• Assign classification codes to represent the diagnosis and treatment of cancers and benign tumors
  • Conduct annual followups to track treatment, survival, and recovery
  • Compile and analyze cancer patient information for research purposes
  • Maintain facility, regional, and national databases of cancer patients

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How To Become A Medical Claims Specialist

Health information technicians typically need a postsecondary certificate to enter the occupation, although some may need an associate’s degree. Certification is often required.

Education

Postsecondary certificate and associate’s degree programs in health information technology typically include courses in medical terminology, anatomy and physiology, health data requirements and standards, classification and coding systems, healthcare reimbursement methods, healthcare statistics, and computer systems. Applicants to health information technology programs may increase their chances of admission by taking high school courses in health, computer science, math, and biology.

A high school diploma or equivalent and previous experience in a healthcare setting are enough to qualify for some positions, but most jobs for health information technicians require postsecondary education.

Important Qualities

Analytical skills. Health information technicians must be able to understand and follow medical records and diagnoses, and then decide how best to code them in a patient’s medical records.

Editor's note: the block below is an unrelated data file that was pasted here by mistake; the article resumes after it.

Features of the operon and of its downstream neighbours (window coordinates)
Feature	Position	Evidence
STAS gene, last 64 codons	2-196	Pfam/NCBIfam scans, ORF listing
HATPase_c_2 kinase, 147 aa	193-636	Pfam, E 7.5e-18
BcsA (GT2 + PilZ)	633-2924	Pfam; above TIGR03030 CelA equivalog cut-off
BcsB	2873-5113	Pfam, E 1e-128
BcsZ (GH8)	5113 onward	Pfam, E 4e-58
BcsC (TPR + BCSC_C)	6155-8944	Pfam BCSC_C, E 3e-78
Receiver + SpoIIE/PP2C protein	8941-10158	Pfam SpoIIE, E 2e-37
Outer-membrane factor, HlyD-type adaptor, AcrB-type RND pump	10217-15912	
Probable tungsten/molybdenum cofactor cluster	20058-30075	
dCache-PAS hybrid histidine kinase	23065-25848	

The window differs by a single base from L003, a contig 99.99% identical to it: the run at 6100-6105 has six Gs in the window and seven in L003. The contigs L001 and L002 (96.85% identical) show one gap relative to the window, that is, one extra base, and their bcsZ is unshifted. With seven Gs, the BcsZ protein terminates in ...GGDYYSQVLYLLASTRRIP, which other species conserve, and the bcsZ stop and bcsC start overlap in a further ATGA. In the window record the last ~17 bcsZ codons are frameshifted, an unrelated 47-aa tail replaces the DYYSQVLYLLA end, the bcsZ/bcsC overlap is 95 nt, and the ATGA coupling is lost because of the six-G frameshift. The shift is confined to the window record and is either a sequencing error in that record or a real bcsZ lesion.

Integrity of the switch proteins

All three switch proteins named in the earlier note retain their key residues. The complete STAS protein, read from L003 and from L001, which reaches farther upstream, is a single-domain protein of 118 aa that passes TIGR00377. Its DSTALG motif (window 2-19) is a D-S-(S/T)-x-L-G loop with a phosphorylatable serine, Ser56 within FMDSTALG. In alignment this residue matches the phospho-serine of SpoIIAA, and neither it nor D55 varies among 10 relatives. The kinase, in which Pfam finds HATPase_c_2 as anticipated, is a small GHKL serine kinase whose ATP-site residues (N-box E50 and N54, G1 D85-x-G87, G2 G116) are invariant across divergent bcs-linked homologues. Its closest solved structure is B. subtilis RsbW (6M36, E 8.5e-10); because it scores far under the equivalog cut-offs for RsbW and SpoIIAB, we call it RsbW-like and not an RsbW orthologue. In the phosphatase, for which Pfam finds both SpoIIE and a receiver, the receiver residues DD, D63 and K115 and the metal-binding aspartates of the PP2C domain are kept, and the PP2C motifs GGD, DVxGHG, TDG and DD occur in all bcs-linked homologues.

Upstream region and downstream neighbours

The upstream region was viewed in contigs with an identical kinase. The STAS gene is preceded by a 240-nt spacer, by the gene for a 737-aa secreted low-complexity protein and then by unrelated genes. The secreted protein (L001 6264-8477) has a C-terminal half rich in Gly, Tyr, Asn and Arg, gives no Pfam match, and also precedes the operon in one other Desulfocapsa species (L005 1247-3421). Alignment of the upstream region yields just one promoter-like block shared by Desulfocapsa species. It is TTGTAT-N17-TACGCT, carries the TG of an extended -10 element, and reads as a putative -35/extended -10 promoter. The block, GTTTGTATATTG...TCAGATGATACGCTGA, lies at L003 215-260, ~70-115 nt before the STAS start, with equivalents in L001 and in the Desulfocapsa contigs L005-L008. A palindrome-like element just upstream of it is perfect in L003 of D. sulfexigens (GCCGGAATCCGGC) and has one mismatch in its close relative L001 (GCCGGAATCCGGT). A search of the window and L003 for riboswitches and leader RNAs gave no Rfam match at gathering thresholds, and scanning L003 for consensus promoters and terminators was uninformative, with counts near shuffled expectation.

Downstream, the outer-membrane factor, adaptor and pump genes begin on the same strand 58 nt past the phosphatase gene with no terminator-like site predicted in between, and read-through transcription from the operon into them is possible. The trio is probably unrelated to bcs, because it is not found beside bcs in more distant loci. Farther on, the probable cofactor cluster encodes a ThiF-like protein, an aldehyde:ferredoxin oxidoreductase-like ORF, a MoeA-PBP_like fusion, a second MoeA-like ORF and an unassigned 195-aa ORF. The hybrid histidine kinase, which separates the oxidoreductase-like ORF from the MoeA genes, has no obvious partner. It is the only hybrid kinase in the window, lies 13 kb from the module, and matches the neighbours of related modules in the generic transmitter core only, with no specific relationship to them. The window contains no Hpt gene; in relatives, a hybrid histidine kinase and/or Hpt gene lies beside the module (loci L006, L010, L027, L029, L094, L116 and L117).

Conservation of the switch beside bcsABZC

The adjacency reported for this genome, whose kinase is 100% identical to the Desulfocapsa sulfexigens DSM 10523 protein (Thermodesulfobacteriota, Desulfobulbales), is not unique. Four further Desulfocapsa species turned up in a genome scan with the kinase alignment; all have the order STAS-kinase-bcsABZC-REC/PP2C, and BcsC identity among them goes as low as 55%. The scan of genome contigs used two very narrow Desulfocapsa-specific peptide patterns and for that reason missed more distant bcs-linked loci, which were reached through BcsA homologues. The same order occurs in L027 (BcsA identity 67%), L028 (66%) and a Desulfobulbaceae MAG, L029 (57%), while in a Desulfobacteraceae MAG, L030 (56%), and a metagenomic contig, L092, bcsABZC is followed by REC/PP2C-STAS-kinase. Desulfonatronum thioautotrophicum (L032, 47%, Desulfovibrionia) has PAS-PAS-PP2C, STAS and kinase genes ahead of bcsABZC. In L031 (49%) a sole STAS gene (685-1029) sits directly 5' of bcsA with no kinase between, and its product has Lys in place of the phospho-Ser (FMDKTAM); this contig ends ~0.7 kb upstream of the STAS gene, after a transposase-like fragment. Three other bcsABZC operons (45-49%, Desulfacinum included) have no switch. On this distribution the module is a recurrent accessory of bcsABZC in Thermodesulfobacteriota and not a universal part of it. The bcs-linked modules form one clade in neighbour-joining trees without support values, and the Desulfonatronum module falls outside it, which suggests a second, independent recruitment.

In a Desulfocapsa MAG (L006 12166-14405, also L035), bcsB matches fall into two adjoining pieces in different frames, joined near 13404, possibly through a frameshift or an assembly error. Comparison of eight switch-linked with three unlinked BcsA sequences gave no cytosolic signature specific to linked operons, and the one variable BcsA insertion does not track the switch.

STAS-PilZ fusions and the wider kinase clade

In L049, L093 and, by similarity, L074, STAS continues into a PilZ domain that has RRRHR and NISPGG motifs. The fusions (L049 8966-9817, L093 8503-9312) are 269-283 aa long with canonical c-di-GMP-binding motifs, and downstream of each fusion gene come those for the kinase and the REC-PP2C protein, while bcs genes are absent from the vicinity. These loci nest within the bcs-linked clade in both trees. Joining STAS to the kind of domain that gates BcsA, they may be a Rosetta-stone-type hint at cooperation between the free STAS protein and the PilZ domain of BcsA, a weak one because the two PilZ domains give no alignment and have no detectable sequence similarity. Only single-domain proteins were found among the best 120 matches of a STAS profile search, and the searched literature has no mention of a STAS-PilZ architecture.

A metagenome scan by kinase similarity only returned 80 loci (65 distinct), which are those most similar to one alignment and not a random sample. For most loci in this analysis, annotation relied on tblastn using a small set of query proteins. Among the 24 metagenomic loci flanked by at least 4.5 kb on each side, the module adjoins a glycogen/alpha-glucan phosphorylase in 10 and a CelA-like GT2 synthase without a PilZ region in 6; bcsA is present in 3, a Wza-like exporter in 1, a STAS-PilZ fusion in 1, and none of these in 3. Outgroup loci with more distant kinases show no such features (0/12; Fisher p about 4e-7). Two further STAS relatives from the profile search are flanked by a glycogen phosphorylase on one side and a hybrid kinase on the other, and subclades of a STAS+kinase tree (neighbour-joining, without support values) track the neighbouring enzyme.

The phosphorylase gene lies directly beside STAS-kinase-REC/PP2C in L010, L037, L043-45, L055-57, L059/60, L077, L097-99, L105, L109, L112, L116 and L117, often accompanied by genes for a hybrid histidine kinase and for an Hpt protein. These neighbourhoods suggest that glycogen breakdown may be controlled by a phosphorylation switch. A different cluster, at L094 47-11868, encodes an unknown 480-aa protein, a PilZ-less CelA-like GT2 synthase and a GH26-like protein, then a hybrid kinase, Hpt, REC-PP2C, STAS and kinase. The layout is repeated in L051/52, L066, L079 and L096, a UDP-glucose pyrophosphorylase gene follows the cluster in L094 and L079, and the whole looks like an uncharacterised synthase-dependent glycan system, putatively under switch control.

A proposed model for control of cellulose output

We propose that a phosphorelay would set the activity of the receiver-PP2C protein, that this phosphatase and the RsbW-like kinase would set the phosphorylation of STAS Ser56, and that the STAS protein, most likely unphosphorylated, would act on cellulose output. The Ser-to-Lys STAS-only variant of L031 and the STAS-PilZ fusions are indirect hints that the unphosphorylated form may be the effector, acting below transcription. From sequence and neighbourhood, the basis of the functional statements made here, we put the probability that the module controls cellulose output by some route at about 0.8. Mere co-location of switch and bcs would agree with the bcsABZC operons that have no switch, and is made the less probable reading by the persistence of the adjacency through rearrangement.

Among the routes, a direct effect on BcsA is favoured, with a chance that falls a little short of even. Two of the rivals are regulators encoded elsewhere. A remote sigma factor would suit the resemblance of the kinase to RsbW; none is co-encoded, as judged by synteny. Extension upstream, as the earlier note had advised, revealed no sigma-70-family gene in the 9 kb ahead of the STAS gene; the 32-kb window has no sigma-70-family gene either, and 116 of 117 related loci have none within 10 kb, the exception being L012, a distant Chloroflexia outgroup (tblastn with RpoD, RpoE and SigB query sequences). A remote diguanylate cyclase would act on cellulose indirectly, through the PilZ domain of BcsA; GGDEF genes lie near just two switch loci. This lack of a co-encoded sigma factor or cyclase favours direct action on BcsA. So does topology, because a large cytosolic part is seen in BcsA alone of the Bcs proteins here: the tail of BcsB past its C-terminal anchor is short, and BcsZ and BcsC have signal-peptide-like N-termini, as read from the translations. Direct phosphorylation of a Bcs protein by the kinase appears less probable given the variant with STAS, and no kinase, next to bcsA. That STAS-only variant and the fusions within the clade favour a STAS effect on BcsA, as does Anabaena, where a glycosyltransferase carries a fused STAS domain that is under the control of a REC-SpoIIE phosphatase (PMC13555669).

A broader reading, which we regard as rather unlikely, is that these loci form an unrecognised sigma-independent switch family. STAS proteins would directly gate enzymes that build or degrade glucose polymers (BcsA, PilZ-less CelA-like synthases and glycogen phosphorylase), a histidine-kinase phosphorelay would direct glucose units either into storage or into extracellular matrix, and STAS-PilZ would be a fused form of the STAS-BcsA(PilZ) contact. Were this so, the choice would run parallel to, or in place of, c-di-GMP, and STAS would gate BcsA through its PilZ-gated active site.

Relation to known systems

Detail oriented. Health information technicians must be accurate when recording and coding patient information.

Integrity. Health information technicians work with patient data that are required, by law, to be kept confidential. They must exercise caution and a strong sense of ethics when working with this information in order to protect patient confidentiality.

Interpersonal skills. Health information technicians need to be able to discuss patient information, discrepancies, and data requirements with other professionals such as physicians and finance personnel.

Technical skills. Health information technicians must be able to use coding and classification software and the electronic health record (EHR) system that their healthcare organization or physician practice has adopted.

Licenses, Certifications, and Registrations

Most employers prefer to hire health information technicians who have certification, or they may expect applicants to earn certification shortly after being hired. A health information technician can earn certification from several organizations. Certifications include the Registered Health Information Technician (RHIT) and the Certified Tumor Registrar (CTR), among others.

Some organizations base certification on passing an exam. Others require graduation from an accredited program. Many coding certifications also require coding experience in a work setting. Once certified, technicians typically must renew their certification regularly and take continuing education courses.